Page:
With nearly one in three people planning to save their tax return, have you considered what you might do with yours?

This year more than 75% of Australians expect to receive a tax return, with a large portion of the population planning to use the money they receive to take the edge off their financial commitments.i

We look at the most common ways people intend on using their tax return and what other ways you could invest this money to get ahead.

How people intend on using their tax return

According to a finder.com.au survey of more than 2,000 Australians, the most common ways people said they’d use their tax return this year was towards:i

  • Savings (31%)
  • Household bills (23%)
  • A holiday (12%)
  • Home loan repayments (10%)
  • Credit card debt (6%).


Other ways you could use your refund

Put it into super

Contributing a lump sum of money into your super is generally a good way to grow your retirement savings, as what your employer contributes mightn’t be enough for you to live comfortably in the years after you finish working.

Other benefits of contributing to super, depending on your circumstances, may include special tax treatment or other government incentives.

Also note—the value of your investment in super can go up and down, contribution caps do apply, and there are rules around when you can access this money.

Pay off your education debt

According to government estimates, the average debt for a tertiary student in Australia is currently $19,100, with the average time taken to clear that debt more than eight years.ii

For many, making a dent in their loan or paying it off in one fell swoop will be a great idea, but given the low-cost nature of Australia’s higher education loan program, maintaining compulsory student repayments while addressing other debts or financial goals could also be worth investigating.

Create an emergency fund

Given more than one in two people wouldn’t have enough savings to last three months if they lost their job tomorrow, an emergency fund can provide peace of mind when it comes to unexpected bills.iii

It can also reduce the need to rely on high interest borrowing options, such as credit cards or applying for payday loans, which can often be an expensive form of finance and create unwanted debt.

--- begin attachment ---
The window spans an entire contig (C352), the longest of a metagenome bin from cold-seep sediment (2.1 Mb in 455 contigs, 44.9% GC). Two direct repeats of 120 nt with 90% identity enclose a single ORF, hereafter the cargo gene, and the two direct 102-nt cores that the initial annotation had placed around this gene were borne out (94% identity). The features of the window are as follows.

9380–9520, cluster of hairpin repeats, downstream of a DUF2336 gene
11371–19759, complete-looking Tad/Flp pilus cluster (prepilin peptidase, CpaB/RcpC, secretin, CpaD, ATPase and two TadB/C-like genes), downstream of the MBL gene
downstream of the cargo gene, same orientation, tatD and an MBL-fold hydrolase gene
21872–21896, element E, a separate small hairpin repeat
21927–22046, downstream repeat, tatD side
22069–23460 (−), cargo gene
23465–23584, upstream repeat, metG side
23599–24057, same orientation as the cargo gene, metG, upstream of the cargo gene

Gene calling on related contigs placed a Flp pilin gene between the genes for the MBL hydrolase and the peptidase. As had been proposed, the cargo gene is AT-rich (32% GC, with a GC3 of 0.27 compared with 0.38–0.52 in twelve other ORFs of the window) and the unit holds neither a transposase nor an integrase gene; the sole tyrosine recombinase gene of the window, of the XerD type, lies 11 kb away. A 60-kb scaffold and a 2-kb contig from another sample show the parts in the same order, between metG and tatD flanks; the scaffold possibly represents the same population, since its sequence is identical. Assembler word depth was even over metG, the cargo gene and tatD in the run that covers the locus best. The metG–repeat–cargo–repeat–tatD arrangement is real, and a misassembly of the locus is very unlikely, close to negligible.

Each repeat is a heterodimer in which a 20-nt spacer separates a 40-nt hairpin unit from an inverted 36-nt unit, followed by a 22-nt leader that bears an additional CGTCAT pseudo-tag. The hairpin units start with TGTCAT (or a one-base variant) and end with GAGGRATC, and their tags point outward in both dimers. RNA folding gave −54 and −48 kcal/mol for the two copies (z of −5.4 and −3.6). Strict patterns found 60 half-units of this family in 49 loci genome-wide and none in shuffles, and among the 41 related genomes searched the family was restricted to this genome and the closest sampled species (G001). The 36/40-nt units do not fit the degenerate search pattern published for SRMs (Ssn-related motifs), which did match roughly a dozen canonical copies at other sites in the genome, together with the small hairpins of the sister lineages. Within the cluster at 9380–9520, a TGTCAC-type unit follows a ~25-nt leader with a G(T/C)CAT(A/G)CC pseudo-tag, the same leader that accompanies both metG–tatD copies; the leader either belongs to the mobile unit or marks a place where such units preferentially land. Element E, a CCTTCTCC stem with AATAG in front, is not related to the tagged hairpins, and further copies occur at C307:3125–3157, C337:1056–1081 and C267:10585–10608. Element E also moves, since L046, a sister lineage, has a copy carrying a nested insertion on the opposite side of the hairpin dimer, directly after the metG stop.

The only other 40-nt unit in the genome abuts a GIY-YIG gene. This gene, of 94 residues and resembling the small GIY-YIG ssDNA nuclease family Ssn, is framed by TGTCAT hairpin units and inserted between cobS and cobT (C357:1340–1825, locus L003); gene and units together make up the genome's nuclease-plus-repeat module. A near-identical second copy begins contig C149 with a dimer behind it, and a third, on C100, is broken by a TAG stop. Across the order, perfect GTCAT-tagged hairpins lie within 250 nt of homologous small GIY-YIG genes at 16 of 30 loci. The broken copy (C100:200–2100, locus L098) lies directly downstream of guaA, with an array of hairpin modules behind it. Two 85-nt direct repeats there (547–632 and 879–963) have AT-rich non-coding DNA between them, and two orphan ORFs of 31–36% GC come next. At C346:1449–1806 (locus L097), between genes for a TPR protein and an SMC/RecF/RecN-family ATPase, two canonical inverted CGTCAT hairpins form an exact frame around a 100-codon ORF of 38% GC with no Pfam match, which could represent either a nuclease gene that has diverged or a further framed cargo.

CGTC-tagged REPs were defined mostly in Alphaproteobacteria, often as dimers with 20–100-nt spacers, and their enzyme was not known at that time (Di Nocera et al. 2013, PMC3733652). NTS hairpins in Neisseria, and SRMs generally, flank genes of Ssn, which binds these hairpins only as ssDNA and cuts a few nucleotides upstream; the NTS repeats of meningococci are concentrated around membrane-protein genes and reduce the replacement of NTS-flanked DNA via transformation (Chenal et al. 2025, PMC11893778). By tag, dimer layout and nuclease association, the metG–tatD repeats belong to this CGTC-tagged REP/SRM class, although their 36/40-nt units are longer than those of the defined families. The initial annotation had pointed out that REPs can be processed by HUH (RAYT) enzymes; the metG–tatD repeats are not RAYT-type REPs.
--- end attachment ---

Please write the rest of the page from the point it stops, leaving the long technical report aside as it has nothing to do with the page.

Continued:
Invest elsewhere

Whether it’s property, managed funds, direct shares or term deposits, consider your situation, in particular the amount of time you have to invest and your attitude to risk.

If you’re young, you may have time to ride out market highs and lows, and therefore be willing to take on more risk in the hope of achieving higher returns.

On the other hand, if you’re a bit older, you may prefer a more conservative approach as market changes could be harder to recover from as you move toward or if you’re already in retirement.

If you’d like help, speak to us to discuss your personal circumstances.

i https://www.finder.com.au/press-release-jul-2017-were-a-nation-of-savers-at-tax-time-31-of-aussies-will-save-tax-return

ii https://www.aph.gov.au/About_Parliament/Parliamentary_Departments/ Parliamentary_Library/pubs/rp/rp1617/Quick_Guides/HELP

iii https://www.finder.com.au/press-release-may-2017-10-million-aussies-couldnt-last-jobless

© AMP Life Limited. First published 10 August 2017

Important information © AMP Life Limited. This provides general information and hasn’t taken your circumstances into account. It’s important to consider your particular circumstances before deciding what’s right for you. Although the information is from sources considered reliable, AMP does not guarantee that it is accurate or complete. You should not rely upon it and should seek qualified advice before making any investment decision. Except where liability under any statute cannot be excluded, AMP does not accept any liability (whether under contract, tort or otherwise) for any resulting loss or damage of the reader or any other person.